Greed for money or power were therefore translated into baser functions, gluttony or sexual avarice. Curator Martin Myrone describes this as “the body being overtaken by its own desires, transformed into something monstrous.”


Of course change has been mostly cosmetic. Today we toil under an ex-Bullingdon Prime Minster whose cabinet is stuffed with toffs. But nowadays they seek to downplay and disguise their origins. (Hence the gag of Cameron as “call-me-Dave.”) To reduce them to bodily functions is pointless when they are so keen to come across as men of the people. The old methods of attack no longer bite. (Notably, there's been a more recent development in deforming and debasing corporate brands rather than celebrity figures.)

Finally, and going back to ’Gin Lane’ it could be argued that satire has an inherent paradox between the lambasting and the improving. Satire is qualitatively different to mere parody. To be a parody, it’s enough for something to be a poor imitation of something else. (Rob Liefeld was a parody of Kirby, the UK Subs of the Sex Pistols and so on.) Satire has at least an incipient critique, a beef against its target. Even the foulest-smelling rotten fruit must be well-aimed to be effective. Yet this risks tipping over into sanctimoniousness, against which jeering boorishness can be a valuable asset.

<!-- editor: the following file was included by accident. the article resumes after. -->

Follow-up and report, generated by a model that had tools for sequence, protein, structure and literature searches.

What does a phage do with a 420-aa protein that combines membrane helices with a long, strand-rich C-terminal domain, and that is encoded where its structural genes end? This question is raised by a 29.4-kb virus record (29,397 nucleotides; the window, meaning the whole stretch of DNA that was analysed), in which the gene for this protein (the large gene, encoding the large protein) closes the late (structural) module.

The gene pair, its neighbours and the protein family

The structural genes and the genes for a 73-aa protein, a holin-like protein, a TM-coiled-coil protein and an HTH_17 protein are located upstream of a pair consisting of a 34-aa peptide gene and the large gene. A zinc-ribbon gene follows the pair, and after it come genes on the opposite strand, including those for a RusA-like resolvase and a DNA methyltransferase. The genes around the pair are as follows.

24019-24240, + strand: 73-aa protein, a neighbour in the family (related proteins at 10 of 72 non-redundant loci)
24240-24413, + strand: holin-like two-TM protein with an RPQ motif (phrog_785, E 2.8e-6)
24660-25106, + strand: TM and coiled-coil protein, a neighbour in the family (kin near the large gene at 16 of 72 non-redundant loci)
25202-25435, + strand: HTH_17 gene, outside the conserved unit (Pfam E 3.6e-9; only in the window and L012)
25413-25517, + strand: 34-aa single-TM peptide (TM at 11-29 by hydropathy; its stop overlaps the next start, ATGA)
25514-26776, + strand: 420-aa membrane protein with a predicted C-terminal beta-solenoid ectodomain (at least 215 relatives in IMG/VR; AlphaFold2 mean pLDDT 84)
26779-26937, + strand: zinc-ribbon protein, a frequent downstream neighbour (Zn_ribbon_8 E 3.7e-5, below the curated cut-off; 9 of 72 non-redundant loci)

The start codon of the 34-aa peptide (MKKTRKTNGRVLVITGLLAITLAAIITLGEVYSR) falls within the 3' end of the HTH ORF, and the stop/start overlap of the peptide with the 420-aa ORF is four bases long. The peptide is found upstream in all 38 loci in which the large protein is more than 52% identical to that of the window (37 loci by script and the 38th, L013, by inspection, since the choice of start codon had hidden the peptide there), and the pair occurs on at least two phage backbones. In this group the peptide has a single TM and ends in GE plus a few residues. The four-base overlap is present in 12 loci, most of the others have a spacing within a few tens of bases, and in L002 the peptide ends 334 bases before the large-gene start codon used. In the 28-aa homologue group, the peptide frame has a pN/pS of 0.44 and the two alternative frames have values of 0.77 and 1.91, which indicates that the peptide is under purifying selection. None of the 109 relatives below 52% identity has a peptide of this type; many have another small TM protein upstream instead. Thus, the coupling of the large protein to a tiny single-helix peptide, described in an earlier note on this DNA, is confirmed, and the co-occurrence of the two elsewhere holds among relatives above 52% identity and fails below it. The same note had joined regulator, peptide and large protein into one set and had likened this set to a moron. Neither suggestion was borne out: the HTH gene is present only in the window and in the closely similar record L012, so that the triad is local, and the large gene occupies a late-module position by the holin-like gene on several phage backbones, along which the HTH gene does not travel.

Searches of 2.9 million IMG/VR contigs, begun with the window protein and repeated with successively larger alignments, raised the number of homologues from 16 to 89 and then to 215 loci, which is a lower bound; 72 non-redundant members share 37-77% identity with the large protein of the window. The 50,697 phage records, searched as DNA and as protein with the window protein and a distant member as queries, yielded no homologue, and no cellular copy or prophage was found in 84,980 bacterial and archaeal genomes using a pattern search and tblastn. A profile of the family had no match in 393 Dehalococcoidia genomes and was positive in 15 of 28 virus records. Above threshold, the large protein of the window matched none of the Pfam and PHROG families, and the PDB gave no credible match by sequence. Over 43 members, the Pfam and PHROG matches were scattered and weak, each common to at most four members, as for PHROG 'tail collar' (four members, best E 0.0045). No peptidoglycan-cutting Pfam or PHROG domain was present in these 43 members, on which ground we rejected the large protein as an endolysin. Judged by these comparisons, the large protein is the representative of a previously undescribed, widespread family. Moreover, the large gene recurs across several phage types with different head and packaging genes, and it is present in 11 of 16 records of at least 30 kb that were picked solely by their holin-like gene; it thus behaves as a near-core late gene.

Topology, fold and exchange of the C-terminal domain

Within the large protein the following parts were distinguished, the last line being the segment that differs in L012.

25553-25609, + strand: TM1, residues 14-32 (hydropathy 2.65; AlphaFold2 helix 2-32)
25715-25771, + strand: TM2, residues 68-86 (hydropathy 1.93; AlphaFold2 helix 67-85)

In fact a room here is given over to showing what happens when the boorishness is taken away - Cruikshank’s vast late work ‘The Worship of Bacchus’ (1862). This pious warning against “the evils arising from intoxication” is as grandiose as anything Bosch ever came up with. Room curator Steve Bell describes the work’s aim as “to rescue mankind from its own base urges and this to preserve the established order.” Though compelling, the work is something of a grand folly. Its already pious message is magnified by the sheer scale of it, so gargantuan as to repels involvement. It’s like reading of a great massacre, in which so many millions died that your brain numbs to the numbers. ’Gin Lane’ is more effective for focusing on a few representative figures.